Parkes’ Life: Gabriella Parkes Jewellery
The difference between Gabriella Parkes and a classic heist heroine in the cinematic forms of say, Charlize Theron in the Italian Job, or Faye Dunaway in the Thomas Crown Affair, is that Gabriella takes ownership of jewels to create something even more beautiful than their original form.
Jewellery is undergoing a glamour revival reminiscent of the golden era of Hollywood. Far from the minimum sparkle of previous years, this year’s Oscars was awash with stand out statement pieces. With jewellery trends capturing the costume drama of heist movies, Gabriella’s statement pieces take centre stage.
If she is the new heroine taking the stylised jewellery movement hostage then hers is a constructive heist…. She knows precisely where to source her exquisite stones and how to craft them into polished masterpieces, having trained as a gemologist and diamond grader in specialist stone grading school in London, Gem A. As a designer, she’s self taught, as is Solange Azagury Partridge, former Creative Director of Boucheron.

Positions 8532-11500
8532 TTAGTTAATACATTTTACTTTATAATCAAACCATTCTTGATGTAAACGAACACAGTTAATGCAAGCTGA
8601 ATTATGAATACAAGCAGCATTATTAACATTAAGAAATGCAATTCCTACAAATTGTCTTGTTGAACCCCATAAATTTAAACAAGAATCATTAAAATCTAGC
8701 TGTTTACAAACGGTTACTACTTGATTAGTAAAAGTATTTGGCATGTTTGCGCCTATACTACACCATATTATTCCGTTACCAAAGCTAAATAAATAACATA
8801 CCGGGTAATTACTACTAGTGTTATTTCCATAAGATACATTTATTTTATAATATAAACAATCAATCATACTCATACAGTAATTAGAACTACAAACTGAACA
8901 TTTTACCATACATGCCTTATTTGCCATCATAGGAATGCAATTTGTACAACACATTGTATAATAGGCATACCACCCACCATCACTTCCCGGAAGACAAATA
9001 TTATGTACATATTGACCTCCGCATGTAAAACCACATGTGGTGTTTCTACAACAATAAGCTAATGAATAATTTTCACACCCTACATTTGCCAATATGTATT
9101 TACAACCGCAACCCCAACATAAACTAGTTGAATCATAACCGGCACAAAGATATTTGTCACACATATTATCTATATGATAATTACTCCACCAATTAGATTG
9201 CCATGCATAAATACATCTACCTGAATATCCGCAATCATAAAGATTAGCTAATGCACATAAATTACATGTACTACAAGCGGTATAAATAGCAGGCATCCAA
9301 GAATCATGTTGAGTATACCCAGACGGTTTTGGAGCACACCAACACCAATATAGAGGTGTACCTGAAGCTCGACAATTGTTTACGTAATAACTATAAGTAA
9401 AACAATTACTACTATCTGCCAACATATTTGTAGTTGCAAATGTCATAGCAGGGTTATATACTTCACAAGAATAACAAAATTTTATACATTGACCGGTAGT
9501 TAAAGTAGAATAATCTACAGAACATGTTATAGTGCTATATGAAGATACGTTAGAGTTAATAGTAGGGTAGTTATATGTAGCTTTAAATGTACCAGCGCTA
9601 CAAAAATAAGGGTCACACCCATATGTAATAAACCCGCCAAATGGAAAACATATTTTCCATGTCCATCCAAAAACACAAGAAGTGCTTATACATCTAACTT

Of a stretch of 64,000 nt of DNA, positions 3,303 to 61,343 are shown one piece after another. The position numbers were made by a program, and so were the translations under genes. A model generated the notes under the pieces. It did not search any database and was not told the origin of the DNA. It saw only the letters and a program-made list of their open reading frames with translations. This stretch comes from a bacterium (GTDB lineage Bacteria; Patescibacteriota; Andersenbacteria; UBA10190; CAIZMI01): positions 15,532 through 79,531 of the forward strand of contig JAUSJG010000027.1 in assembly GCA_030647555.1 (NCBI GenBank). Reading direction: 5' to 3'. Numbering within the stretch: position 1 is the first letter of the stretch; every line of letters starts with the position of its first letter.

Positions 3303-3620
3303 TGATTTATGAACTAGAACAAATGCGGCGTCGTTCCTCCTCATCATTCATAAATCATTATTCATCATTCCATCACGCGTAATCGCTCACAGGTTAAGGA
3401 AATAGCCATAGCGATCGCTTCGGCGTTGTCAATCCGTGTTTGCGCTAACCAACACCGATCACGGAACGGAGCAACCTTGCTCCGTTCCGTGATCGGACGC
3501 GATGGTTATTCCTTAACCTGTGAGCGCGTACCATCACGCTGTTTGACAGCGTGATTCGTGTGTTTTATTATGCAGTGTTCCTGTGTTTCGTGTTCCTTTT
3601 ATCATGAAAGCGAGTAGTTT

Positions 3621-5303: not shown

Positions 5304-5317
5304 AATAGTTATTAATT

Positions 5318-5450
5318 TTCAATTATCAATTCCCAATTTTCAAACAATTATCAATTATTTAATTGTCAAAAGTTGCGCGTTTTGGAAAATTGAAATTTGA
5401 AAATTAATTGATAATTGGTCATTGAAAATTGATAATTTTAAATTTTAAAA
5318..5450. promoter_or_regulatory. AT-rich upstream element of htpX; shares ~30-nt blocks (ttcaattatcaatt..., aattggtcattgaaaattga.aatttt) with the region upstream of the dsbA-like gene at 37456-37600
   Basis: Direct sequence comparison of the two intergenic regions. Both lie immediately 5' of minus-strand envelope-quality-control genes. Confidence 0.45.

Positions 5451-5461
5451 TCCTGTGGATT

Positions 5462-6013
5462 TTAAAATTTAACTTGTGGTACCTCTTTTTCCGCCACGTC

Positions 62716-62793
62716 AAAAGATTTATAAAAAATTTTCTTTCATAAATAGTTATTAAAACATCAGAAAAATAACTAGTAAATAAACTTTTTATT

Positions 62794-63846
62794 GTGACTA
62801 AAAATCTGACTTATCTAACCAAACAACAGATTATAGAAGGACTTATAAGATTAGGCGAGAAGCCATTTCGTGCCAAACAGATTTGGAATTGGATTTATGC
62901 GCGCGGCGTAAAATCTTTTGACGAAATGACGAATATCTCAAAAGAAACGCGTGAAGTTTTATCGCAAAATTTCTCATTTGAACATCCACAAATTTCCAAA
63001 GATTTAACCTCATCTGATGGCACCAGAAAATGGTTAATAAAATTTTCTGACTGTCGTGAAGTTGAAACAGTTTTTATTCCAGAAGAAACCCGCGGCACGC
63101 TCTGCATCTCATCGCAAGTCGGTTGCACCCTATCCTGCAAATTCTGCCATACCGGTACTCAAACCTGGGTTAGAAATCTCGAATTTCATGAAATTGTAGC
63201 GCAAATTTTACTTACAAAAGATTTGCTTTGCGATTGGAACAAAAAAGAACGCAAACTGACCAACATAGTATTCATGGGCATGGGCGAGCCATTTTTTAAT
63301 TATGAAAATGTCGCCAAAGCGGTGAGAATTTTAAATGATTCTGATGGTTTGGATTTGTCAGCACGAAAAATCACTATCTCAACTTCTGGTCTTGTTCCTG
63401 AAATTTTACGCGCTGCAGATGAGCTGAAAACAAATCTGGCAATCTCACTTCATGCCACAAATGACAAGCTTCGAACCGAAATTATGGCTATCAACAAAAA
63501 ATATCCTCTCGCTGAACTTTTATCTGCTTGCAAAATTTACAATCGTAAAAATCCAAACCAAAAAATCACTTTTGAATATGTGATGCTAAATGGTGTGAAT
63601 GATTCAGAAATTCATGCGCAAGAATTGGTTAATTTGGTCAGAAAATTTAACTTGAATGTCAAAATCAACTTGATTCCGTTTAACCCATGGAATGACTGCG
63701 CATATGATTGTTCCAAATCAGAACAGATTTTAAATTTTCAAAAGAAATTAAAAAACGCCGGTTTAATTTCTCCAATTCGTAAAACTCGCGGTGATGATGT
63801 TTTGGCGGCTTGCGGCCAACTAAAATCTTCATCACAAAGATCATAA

The Faye Dunaway and Charlize Theron comparisons are not altogether far-fetched. Gabriella possesses a statuesque Hollywood beauty, which seems incongruent with modern, minimalist designers. The magic of her creations has made her the dazzling star of her show. Like those dazzling leading ladies, who have carried off the most ornate pieces with aplomb – Theron wore a $15m dollar necklace at the Oscars – she understands the theatre and narrative structure of jewellery. Gabriella takes risks with her pieces, but they retain a classic beauty. She is a craftswoman with an innate understanding of how jewels work and move together – skilled and knowledgeable in her art, which is what makes her an artist and storyteller as well as a gemologist. It is as though a script unfolds within each precious piece, which subtly express messages and hold secrets of the owner.